By Pat Fish
Instead of our usual exploration of the sandy trails, this time we stuck to the paved and dirt roads surrounding the central valley and then walked up to the water towers for the overlook.
Tobe Mule has a hoof injury, so we had to stick to civilized paths.
We were joined by our pals Jamie on Mosca and Kim on Kitty.
There is a lovely old bridge near the Mission and I invited the ladies to stop for portraits under the lace lichen hanging down.
Mosca the Appendix thoroughbred always poses like a supermodel, very alert, and Jamie has to be alert also to ride her!
Miss Kitty is a classic quarterhorse, and most of the time a relaxed trail companion…. except when she notices something out of the corner of her eye and Kim has to manage a bit of a rodeo reaction!
TobeMule is happy to escort the mares.
As we walked out from the Mission buildings area Tobe gave the ears up alert. Something odd up ahead.
What the heck? Up on the hillside behind the last adobe were five goats! According to the U.S. Geological Survey, a group of goats is called a tribe or a trip. Tobe was tripping on them!
As always I enjoy being able to zoom into my iPhone photo and give a closer approximation of what Tobe can see with his huge eyes, which are eight times larger than human eyes; in fact, they are larger than those of any other land mammal.
I’m still wondering what kind of goats they are and he can probably tell their sex and age.
We waved to the goatherd and went on.
The lace lichen was everywhere, lush and spectral, waving lightly in the air. I can imagine the original padres who settled this Mission feeling at home when they saw it, thinking it is similar to Spanish Moss.
On the road that encircles the central valley we saw some staff members in a jeep. They nicely stopped for us to pass. I mentioned that the trails seem very overgrown and I asked what their current staffing situation is. Well, they used to have over a dozen people assigned to the groundskeeping, now there are only three.
With the large number of people who visit daily that is not nearly enough staffing.
Today we look wistfully up some of the hiking trails that lead into the hillsides, but for a while we are stuck on the flats.
Where as usual we encounter bicyclists. This fellow was perfect. He stopped, said hello, pet the creatures, nice encounter.
LATER when we came upon a small bridge further up the trail the OTHER kind of bike rider came whizzing around a corner and right on top of us. Too occupied with keeping my seat as Tobe did a bounce to the side to get out of his way I was unable to take his photo, but I did yell “You’re supposed to STOP!” at which point the thoroughly Anglo 20-something jerk yelled back “NO HABLA!” and sped off at warp speed. Yikes.
We know someone who was thrown from her horse here and hospitalized with injuries by an identical encounter, and she no longer rides.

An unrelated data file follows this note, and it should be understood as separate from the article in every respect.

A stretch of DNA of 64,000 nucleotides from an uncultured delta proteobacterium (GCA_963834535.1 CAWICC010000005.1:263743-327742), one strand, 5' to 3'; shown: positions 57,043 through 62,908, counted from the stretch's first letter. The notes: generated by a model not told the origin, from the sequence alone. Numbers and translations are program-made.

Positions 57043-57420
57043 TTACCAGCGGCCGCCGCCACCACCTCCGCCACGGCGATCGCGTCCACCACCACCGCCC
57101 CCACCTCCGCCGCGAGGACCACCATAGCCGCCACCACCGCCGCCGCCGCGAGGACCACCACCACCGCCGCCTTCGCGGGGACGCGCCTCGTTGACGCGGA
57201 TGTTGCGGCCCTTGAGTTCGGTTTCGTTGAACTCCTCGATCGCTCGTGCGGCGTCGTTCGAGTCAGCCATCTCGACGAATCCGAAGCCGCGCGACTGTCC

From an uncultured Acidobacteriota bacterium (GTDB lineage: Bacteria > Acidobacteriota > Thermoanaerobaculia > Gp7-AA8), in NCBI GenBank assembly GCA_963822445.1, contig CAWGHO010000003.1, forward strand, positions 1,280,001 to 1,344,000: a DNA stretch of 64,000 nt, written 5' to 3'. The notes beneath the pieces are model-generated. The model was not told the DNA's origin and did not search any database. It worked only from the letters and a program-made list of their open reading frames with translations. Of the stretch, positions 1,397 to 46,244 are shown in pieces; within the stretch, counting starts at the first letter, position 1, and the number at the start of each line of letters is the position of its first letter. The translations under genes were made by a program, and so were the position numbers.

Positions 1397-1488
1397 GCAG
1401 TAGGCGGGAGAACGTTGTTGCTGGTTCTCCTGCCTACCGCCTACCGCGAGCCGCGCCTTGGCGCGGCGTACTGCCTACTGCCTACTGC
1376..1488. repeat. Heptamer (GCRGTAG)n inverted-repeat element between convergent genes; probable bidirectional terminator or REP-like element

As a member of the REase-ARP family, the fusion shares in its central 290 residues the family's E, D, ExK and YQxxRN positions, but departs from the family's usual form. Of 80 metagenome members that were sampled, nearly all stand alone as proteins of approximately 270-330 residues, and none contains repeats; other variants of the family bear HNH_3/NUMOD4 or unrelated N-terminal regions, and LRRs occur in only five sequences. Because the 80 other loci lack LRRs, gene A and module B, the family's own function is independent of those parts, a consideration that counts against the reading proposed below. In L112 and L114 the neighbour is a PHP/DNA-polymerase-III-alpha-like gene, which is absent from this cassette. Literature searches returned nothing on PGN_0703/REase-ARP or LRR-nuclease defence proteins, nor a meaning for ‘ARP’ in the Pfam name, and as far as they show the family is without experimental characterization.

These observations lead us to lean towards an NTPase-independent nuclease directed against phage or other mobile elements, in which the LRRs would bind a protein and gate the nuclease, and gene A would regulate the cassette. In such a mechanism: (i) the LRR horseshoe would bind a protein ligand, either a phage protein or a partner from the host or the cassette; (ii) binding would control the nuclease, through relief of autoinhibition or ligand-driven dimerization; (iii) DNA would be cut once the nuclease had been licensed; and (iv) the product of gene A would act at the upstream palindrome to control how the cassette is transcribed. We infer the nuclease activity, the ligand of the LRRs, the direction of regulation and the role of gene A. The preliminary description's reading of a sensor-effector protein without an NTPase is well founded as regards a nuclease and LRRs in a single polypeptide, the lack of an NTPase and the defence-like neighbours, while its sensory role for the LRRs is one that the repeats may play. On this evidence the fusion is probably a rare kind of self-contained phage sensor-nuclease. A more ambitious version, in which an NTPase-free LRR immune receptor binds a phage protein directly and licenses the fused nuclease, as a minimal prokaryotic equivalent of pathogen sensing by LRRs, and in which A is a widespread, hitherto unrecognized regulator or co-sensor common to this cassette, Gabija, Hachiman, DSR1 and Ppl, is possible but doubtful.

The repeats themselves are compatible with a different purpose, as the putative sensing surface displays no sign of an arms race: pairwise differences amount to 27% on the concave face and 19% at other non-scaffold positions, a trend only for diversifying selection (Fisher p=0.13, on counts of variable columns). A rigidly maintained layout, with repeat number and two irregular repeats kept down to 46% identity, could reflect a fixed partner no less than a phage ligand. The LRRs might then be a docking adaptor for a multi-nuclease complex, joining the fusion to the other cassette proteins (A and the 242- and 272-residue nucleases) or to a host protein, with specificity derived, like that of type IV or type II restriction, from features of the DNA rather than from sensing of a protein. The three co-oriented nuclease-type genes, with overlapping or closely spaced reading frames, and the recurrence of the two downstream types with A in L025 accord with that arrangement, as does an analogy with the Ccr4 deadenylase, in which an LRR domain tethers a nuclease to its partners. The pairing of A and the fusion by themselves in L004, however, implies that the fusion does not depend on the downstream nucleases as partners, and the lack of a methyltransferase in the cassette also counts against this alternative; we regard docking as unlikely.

“Courtesy costs nothing, but buys everything.”
And we stroll on.
Much as I like to go bashing and thrashing through the undergrowth of the hillside trails, today it was quite enough to be out for a walk with friends and look at plant life.
The oaks show the scars of past droughts, with skeletal branches among the new growth. For anyone who hikes or rides in the Central Coast they are the iconic species.
And on the Mission grounds they may have been here since the padres and their Indian converts made this landscape a farm and ranch.
What I have always thought was Spanish Moss festooning our oak and other trees is actually our state lichen, the lace lichen — known by its scientific name, Ramalina menziesii. If you take a closer look at it, the lichen grows in amazing patterns with fine reticulated nets. No two strands look alike.
Just another way that nature reveals herself to those who pass slowly across a landscape.
The plant communities support a large number of birds and animals also, which we sometimes see or more frequently hear, scurrying about in the underbrush or branches.
Right now the poison oak is a brilliant red. It is always present, but is more of a hazard when it is camouflaged with the same green as nearby plants. TobeMule likes to eat it, so he does his part to nibble back this pest that can cause such an annoying itchy rash. It has my favorite Latin name: Toxicodendron diversilobum. It has a lovely ring to it.
So the toxic in Toxicodendron is a good reason to stay on the path or wear protective clothing if you intend to explore the smaller sandy trails. On top of equines we are well above the bushes of it.
Heading up to the water tanks we pass this stand of snags. When I first started riding here they were a lush group of pines, but after a fire swept through they have slowly fallen one by one. Sometimes we see raptors perched in the branches.
Today we only saw turkey vultures, Cathartes aura, buzzards. They have an eerie presence, always make you look around to see what dead thing they might be circling. They seem so close, but when you try to take a photo with a phone they are just a speck.
A professional can catch a shot like this, looking very much like a condor.
Then, we attained the top of the hill and could look down across the Lompoc Valley. Allow me to brag that having a mule so steady and compliant as to stand utterly still for a panoramic photo is unusual!
Then here we are taking a break to contemplate the view. Flashing the sign for Victory with Long Ears.
and Kim and Kitty looking pretty.
And so another day has led us to a goal, and we could turn around and sashay back to the trailers and lunch for all.
“The reward of a thing well done is having done it.” — Ralph Waldo Emerson